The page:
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Small Wales develops a big brain academy.

Byline: By Paul Walker

Wales is not only a place of fabulous scenery and vibrant culture, but it's also becoming increasingly known as an incubator for world-class brain research.

Although Wales may be small in size, its universities have developed three of the top psychology departments in Europe.

These three faculties - home to more than 250 academics and researchers - have brought in approximately pounds 11 million in grants in three years.

To further capitalise on these strengths, as part of their Reaching Higher strategy, the Welsh Assembly Government recently decided to build upon these assets by investing more than pounds 5m to establish the new multi-centre Wales Institute of Cognitive Neuroscience (WICN).

This institute draws together the three psychology faculties of Bangor, Cardiff and Swansea Universities, with the intent to build upon and bridge the three Universities' high quality academic environments and develop a world-leading institute for the study and application of cognitive and clinical neuroscience.

The Welsh Assembly Government's investment is intended to bring together cognitive neuroscience research groups in Bangor, Cardiff and Swansea in a form that will facilitate long-term all-Wales collaborations. This is being promoted through a shared management structure, administrative support, additional academic appointments and equipment and technical acquisition that will create an institute with a research environment in cognitive neuroscience that is unique to Wales. Now united through this common goal, the three partners can grow as one institute, a world leader in the study and application of cognitive and clinical neuroscience.

In the first year alone, WICN has prompted both the hiring of more than a dozen world-class researchers and the development of dozens of new cross-institute collaborative research projects and several conferences. Over the coming years it is intended that WICN will re-configure the neuroscience research groups in Wales to develop sustainable research collaborations and establish a cross-university graduate school. WICN will engage the public more broadly through numerous public seminar series, school presentations, and outreach programmes for schoolchildren and young adults in Wales, with the goal of explaining the significance and potential of studying the brain and providing guidance about how this can lead to career opportunities in this vital area.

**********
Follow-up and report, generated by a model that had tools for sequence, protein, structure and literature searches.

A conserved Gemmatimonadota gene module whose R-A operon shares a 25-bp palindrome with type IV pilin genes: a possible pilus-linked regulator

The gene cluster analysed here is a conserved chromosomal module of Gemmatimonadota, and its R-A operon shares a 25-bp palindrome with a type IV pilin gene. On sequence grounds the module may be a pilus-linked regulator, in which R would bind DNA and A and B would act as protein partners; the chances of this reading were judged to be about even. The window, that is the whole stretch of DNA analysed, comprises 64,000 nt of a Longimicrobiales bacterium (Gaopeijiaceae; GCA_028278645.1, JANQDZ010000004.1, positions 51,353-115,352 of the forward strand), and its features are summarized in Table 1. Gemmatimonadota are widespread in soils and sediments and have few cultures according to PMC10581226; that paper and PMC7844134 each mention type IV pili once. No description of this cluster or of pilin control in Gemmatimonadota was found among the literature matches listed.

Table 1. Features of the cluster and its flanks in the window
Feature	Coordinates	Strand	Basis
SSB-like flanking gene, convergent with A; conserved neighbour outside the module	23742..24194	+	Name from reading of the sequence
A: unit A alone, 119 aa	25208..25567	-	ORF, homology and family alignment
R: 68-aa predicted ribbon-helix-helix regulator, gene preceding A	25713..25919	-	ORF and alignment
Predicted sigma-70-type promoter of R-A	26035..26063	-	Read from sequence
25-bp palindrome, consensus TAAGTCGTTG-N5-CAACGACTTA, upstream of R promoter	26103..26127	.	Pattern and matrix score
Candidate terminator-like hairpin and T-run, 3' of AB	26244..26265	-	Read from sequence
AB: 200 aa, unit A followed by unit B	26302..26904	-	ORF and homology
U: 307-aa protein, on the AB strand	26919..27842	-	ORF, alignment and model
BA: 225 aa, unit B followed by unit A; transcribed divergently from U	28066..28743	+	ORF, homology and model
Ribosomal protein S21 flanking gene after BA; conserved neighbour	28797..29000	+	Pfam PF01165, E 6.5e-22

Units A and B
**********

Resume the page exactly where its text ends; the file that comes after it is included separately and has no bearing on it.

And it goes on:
Finally, the institute will continue to grow and to deepen the universities' range of partnerships with industry, healthcare, schools and the public.

The dynamic area of cognitive neuroscience research is changing the understanding of normal and damaged brain function in multiple ways, as well as aiding in the treatment of brain impairments such as head injury, stroke, dementia and schizophrenia. From it's origins as a discipline that was created through the interactions of cognitive science, neuroimaging, and clinical neuroscience, cognitive neuroscience is now the dominant approach in the best psychology departments and neuroscience institutes in both North America and Britain.

Examples of collaborative research furthered by this unique and powerful funding opportunity are demonstrated in areas as topical as substance abuse and overeating. Miles Cox (Bangor), Emmanuel Pothos (Swansea), and Steve Hosier (Bangor) have measured excessive drinkers' distraction by alcohol stimuli. They found the more drinkers were distracted by alcohol, the less able they were to reduce their drinking during the following six months. Katy Tapper (Swansea), Andrew Lawrence (Cardiff), Emmanuel Pothos (Swansea) are examining a similar effect in the case of overeating. It is hoped such research will eventually lead to cognitive-style interventions for substance abuse and overeating: interventions that look at cognitive retraining as a means of supplementing more traditional, clinically oriented, therapies.

Adrian Burgess and Andy Parrott (Swansea) have presented further work in the area of substance abuse as the first empirical findings from any study to be funded by WICN. In their study, drug-free cannabis/Ecstasy users were assessed on two memory tasks. The drug users demonstrated a significant EEG deficit, although actual task performance was only marginally impaired. It suggests that drug users may be psycho-biologically impaired, even before they are aware of any cognitive deficits, although further studies are needed to replicate this original finding.

This reconfiguration and collaboration of neuroscience research groups in Wales will develop a multi-centre, multi-disciplinary research institute with the potential to benefit the people of Wales through bringing the fruits of academic research, whether directly by making neuroscience accessible and interesting to all, or indirectly via partnerships with businesses.
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Copyright 2007 Gale, Cengage Learning. All rights reserved.

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Publication:Western Mail (Cardiff, Wales)
Geographic Code:4EUUK
Date:Nov 26, 2007
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